Bosses and direct reports are not equals inside the organization. Even if the boss keeps her stick of authority hidden most of the time, she will still need to use it on occasion in ways that may not please her subordinates. Not many friendships can survive such status inequality when that happens.
Friends accept each other as they are
Friends don’t actively evaluate and try to change each other. They certainly don’t make their friendship contingent on such change. Yet an effective manager must constantly assess his people’s performance and abilities and press them to develop and change. Such benevolent but real pressure is an important, unavoidable part of managing.
Friends don’t check up on each other all the time
Managers continually press their people to report on progress, evaluate themselves, and commit to future results. Friends do have expectations of each other, but they’re mutual, not one sided, and less demanding.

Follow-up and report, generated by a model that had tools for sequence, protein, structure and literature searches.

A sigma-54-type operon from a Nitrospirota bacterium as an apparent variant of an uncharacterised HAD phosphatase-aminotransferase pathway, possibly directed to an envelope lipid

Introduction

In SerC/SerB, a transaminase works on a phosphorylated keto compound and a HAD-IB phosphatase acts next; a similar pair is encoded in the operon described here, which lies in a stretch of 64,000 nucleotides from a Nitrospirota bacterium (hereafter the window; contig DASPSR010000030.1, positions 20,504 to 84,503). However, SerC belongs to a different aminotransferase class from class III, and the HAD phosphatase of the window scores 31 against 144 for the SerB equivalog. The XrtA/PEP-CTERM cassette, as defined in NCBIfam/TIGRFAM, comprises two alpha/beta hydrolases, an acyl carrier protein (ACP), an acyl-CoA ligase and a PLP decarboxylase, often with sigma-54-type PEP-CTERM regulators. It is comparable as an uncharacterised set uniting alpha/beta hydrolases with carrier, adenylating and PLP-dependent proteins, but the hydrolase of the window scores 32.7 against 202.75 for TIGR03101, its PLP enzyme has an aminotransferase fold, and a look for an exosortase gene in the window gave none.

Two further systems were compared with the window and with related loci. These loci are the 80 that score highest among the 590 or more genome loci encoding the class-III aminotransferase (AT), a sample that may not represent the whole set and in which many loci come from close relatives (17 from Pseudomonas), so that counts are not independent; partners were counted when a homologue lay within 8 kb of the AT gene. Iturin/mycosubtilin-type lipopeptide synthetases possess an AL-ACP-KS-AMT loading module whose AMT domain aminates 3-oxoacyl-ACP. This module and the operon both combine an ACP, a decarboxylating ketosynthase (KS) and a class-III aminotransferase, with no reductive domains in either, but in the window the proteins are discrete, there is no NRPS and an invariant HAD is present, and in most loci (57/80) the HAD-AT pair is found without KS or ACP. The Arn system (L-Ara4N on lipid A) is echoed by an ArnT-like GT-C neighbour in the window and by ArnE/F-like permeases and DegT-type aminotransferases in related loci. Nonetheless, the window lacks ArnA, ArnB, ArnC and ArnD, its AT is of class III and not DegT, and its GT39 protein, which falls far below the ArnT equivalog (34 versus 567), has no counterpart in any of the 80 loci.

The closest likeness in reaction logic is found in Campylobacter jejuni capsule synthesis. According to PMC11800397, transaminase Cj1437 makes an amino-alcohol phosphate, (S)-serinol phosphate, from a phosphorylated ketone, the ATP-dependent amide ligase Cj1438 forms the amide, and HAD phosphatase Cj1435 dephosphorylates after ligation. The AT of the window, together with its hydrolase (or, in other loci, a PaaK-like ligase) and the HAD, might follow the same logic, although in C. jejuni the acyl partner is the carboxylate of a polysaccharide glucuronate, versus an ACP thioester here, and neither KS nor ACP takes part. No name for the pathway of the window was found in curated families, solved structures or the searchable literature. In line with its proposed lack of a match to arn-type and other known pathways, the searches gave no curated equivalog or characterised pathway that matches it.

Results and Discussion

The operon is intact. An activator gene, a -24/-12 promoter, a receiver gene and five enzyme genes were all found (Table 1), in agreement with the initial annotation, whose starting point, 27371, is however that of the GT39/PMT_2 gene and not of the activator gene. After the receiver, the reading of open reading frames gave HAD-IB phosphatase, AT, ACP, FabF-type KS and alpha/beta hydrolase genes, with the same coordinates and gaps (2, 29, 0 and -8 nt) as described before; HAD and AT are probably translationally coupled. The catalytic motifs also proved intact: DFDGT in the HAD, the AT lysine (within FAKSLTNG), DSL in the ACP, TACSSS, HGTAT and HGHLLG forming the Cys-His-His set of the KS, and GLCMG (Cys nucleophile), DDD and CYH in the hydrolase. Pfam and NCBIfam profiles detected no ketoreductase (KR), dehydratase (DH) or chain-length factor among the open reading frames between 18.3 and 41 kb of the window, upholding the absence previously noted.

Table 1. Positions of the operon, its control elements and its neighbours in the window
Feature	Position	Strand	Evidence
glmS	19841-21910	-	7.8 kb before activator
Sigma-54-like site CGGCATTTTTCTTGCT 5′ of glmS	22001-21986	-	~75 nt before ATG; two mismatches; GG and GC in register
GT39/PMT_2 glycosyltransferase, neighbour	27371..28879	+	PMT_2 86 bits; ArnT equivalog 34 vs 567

As a practical matter, you cannot be friends with all your people equally
If you choose to make friends of your people, human chemistry will come into play, and you’ll develop closer ties with some than others. You can imagine the havoc that will wreak with your efforts to manage a smooth-working team, especially a virtual team with far-flung members.
If you create friendships with your people, if you try to motivate them through the personal ties you’ve created or allowed, you’re likely to find yourself having to choose between maintaining the ties or obtaining the best results possible. If you maintain the ties, you will compromise results or make unethical choices that harm others not for a greater good but for the good of a friend. If you choose work and the work group over the wishes of a friend, as eventually and inevitably you must, the friend will feel betrayed.